By Volkan Topalli

At each stage of the criminal justice system, the proposed Arizona-style legislative initiatives in Georgia represent a substantial and potentially devastating cost to its citizens, and significant unintended consequences for public safety. The new law would require peace officers to attempt to verify a suspect's immigration status when the suspect is unable to provide legal identification.

The proposed legislation stipulates that, “A peace officer shall not consider race, color or national origin in implementing the requirements of this [law].” But research demonstrates that it's nearly impossible for individuals to discount attitudes about race when engaging in such tasks. T
Hence, the legislation likely would lead to racial profiling. It would put police officers in a nearly untenable situation, one where they'd be expected to decide not who “looks like” a foreigner (bad enough), but who “looks illegal,” leading to a spate of unnecessary and costly court proceedings when they get it wrong.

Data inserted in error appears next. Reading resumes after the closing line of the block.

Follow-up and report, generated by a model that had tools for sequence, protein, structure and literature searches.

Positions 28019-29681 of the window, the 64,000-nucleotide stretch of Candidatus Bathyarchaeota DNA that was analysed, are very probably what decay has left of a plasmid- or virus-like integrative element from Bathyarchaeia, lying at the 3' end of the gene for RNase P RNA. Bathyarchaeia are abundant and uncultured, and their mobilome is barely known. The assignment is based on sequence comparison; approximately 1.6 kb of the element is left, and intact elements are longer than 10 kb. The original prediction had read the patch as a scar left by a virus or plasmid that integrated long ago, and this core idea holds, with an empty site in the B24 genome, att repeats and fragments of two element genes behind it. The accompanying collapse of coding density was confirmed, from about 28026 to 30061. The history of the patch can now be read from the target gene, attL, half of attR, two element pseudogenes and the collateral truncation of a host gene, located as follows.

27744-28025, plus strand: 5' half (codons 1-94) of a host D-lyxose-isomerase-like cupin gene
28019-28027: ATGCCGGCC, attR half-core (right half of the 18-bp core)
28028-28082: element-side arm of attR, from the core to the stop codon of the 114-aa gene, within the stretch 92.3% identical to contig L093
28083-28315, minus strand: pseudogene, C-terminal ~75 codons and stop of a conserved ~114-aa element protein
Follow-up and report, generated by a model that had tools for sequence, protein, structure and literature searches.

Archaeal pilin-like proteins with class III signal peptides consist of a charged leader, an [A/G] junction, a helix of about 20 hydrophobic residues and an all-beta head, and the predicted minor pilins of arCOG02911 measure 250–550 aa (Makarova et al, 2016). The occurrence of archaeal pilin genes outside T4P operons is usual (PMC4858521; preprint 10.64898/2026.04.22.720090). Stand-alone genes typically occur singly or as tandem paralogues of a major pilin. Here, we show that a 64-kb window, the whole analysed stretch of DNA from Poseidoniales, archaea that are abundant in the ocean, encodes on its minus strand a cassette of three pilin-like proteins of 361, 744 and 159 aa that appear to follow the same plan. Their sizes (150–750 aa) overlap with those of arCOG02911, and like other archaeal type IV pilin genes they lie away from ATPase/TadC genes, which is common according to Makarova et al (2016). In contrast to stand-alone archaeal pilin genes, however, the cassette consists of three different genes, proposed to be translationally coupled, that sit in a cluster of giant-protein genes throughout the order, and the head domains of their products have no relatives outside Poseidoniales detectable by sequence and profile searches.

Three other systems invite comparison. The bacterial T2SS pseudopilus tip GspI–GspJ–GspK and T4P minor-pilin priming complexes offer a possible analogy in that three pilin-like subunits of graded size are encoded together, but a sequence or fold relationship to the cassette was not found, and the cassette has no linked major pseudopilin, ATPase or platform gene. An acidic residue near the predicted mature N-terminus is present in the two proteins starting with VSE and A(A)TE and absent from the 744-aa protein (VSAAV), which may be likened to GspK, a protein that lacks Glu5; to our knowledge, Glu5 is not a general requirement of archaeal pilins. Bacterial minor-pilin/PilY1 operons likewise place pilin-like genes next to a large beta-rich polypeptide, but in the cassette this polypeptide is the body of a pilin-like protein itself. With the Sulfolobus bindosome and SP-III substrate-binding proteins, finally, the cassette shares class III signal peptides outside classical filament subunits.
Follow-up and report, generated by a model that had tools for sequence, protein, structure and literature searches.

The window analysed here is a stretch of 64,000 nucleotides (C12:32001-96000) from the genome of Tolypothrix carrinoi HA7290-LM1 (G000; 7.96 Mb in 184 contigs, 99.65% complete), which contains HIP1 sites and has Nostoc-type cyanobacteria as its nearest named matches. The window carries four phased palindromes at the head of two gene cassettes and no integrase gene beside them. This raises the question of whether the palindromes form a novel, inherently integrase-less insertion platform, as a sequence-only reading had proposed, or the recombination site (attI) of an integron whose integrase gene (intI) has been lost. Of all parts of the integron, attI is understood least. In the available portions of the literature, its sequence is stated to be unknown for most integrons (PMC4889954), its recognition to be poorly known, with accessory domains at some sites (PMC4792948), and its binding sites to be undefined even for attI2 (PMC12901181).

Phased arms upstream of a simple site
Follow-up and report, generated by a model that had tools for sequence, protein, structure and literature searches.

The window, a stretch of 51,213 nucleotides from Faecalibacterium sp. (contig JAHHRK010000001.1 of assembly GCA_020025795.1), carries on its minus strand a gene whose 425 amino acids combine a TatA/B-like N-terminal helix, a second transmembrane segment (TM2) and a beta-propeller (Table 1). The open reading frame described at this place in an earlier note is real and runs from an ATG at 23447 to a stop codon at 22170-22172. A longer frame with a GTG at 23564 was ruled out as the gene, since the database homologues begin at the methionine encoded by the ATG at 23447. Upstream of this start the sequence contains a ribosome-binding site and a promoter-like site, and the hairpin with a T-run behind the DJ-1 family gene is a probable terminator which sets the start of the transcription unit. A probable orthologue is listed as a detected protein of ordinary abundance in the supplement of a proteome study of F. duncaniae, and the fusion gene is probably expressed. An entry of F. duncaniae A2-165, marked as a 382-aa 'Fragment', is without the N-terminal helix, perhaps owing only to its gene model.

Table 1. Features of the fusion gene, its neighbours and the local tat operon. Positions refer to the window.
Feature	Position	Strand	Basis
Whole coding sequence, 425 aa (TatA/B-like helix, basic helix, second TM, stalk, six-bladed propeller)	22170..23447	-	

Also, the proposed legislation mandates poor policing. Remember, every time a peace officer pulls over or arrests someone because the officer is mandated to determine whether they're illegal, that's time he could be spending looking for or dealing with more serious criminal activity. Despite scandalous anecdotes pitched on radio and TV, academic research reveals that the foreign-born are far less likely to break the law than are average nativeborn citizens -- After all, they fear being unjustly deported or otherwise caught up in the justice system. Also, having local law-enforcement implement this legislation would undoubtedly impair community policing strategies, which would harm law enforcement’s efforts to ensure public safety for all residents. Many law-enforcement officials around the nation strongly oppose this type of legislation. They and many of the citizens they protect prefer to focus scarce public resources on fighting crime and promoting public safety, not on tackling immigration enforcement.

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